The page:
Five pounds fifty in change, exactly,
a library card on its date of expiry.
A postcard stamped,
unwritten, but franked,
a pocket size diary slashed with a pencil
from March twenty-fourth to the first of April.
A brace of keys for a mortise lock,
an analogue watch, self winding, stopped.
A final demand
in his own hand,
a rolled up note of explanation
planted there like a spray carnation
but beheaded, in his fist.
A shopping list.
A giveaway photograph stashed in his wallet,
a keepsake banked in the heart of a locket.
no gold or silver,
but crowning one finger
a ring of white unweathered skin.
That was everything.
This poem is perfectly suited to the Unseen Poetry Question for your English Literature Examination, whether you are AQA, WJEC or IGCSE.
The poet/narrator describes a dead man through the items found ‘About his person’ as the title suggests. These items evoke a sense of the dead man’s life through the use of the list, and perhaps (progressively) provide a reason for his untimely death which we come to believe may have been suicide.
I do find the detached tone and the clearly delineated list of contents found about the dead man’s person engender a sense of near scientific authority or investigation, making me wonder if the poet is operating like a Police Detective at a crime scene, investigating an untimely death, piecing together the evidence that is (ironically) a summary of the man’s life.
The list that represents the dead man is a bleak form of METONYMY as ‘things’ suggest the totality of a human being, yet these objects cannot speak of the entirety of a human being as they are mere objects and thus we sense a feeling of alienation and desolation because of the metonymical representation of character., which displaces who the dead man is, ever away from us and even from himself too.
But how to go about exploring the poem as an unseen?
Here’s a few suggestions!
- Always use verbs of ‘seeming’ that suggest uncertainty.
- You could also say ‘perhaps or ‘appears’. This gives you flexibility in terms of reading and allows for an easy change of opinion if you suddenly have a revelation about the poem and don’t want to cross half your answer out in the middle of your examination!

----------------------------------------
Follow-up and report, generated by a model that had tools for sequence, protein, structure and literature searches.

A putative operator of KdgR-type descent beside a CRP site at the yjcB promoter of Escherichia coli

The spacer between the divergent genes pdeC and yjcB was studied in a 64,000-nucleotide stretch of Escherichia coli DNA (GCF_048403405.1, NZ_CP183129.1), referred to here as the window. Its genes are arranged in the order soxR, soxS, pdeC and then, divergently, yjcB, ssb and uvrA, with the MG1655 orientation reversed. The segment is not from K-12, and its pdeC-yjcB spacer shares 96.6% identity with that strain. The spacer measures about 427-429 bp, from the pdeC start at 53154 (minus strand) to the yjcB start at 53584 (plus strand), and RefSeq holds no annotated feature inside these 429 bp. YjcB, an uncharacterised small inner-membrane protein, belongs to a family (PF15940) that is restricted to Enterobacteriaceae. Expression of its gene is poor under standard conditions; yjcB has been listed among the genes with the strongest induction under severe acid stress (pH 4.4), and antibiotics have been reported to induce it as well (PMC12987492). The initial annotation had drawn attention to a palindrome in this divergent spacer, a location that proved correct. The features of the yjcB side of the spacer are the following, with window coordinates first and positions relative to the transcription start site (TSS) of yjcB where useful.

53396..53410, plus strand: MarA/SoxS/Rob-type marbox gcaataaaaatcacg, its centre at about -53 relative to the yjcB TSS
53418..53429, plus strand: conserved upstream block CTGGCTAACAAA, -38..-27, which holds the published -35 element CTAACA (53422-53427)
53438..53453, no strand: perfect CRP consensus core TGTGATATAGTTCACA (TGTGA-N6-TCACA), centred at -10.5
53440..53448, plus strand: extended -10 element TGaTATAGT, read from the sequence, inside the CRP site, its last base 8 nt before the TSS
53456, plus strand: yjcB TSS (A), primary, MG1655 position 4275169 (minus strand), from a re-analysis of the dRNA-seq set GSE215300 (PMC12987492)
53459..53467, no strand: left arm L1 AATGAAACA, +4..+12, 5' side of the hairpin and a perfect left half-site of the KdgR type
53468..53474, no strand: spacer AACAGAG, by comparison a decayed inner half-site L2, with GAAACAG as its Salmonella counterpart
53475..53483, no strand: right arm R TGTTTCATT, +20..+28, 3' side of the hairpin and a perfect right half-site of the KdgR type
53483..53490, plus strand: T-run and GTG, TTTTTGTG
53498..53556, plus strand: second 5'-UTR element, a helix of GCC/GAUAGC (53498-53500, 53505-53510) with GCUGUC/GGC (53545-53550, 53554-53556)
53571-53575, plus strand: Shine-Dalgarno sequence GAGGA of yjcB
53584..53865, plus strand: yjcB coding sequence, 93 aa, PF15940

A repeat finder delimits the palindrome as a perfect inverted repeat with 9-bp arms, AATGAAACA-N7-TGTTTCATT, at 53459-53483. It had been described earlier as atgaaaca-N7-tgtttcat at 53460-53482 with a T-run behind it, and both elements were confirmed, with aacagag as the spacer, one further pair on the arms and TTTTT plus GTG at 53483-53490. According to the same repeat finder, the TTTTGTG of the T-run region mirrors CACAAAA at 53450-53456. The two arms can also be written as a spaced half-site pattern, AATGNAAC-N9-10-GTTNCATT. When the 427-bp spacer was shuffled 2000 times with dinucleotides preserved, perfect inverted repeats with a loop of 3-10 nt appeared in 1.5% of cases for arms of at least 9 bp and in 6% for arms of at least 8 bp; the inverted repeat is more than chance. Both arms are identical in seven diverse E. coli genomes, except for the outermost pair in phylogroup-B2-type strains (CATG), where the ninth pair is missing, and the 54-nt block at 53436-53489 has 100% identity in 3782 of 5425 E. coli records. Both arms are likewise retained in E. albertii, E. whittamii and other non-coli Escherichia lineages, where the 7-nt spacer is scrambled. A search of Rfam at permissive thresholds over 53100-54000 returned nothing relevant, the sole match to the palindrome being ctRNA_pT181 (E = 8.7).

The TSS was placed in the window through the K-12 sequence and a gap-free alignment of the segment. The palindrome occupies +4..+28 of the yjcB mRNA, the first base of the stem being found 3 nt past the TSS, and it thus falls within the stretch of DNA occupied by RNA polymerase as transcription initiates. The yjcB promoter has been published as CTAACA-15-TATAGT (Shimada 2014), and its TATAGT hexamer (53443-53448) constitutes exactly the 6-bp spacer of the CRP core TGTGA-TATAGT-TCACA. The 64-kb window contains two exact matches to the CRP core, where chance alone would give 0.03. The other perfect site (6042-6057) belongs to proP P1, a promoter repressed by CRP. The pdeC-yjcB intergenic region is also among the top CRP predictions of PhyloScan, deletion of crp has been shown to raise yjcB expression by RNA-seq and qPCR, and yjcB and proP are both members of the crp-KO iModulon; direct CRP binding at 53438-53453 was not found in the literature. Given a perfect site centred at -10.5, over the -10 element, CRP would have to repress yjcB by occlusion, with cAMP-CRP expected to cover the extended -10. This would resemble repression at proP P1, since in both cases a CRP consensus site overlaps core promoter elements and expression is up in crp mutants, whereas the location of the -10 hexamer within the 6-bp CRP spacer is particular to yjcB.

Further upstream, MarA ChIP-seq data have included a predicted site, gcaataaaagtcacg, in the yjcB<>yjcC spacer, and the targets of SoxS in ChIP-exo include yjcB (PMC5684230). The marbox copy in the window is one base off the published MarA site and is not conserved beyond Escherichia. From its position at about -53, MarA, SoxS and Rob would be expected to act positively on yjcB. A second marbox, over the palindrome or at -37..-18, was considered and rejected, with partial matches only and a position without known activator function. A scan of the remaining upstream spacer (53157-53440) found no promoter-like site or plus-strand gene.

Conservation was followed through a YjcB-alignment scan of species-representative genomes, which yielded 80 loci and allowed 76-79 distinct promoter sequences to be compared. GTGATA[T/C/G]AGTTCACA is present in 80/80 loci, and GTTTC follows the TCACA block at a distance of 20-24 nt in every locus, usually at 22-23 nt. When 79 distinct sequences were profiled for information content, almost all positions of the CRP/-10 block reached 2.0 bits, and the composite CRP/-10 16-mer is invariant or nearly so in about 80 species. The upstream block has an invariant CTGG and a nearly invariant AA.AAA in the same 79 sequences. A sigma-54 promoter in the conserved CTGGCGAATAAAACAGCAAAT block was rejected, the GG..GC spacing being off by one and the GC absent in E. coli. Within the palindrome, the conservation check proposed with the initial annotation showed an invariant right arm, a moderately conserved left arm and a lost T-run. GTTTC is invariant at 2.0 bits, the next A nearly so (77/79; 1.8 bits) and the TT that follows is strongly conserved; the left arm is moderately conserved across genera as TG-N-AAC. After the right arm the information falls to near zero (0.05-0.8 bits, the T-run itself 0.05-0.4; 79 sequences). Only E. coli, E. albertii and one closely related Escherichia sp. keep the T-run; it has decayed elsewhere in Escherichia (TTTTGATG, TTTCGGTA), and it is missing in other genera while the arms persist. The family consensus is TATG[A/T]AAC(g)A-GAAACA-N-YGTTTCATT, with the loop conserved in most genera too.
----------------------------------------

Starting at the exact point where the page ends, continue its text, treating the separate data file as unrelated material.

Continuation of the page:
- Read through the poem slowly HEARING/LISTENING to its sounds as these give away so much in terms of TONE and MOOD…and MESSAGE. ( In this poem the regularity of the structure and form give pathos to the death of the unnamed character as the objects are the left overs of a regulated but finally despairing life?
- Pick out a word or phrase that seems STRANGE to you and think about its STRANGENESS and its EFFECTS.
- One student picked out the word ‘stopped’ and suggested that this was powerful as it mirrors the life/death through the literal and metaphorical reference to the watch. Time is suggestive of mortality and even of the heart beat, the very ‘pulse’ of life itself.
- ‘Stopped’ is also positioned literally at the end of a line and is end stopped (through the full stop after the word) thereby giving considerable impact to the idea of ending. Once we notice ‘stopped’ we track back to ‘expiry’ and also notice ‘ final demand’ and of course the grotesque ‘beheaded’ note.
- The word ‘beheaded’ infers an unnatural ending to life. It encourages a revision of our assumptions about the dead man. Perhaps the ‘final demand’ and the ‘explanation’ suggest suicide?
- I am struck by the oddity of the beheaded ‘spray’ of ‘carnation’. Has the dead man slashed his wrists? So the blood is sprayed about his wrists like a beheaded flower?
- We arrive at the poem’s end with the bleak, moving declaration of the ironically ‘unweathered skin’ suggestive of the absence of the wedding ring and then we pause through the end stopped line before the revelation, movingly unassailable, ‘That was everything.’
- We hear the truth of the last line and then know its power. The past tense ‘was’ reminds us how relationships can destroy us, hijacking us away from equilibrium, revealing our vulnerability and leaving us fragile even to the most mundane daily routine.
- A fabulous poem, where Armitage’s use of metonymy quietly unsettles before leaving us certain that as Larkin once write, ‘Home is so sad. and in Aubade, ‘this is a special way of being afraid.’
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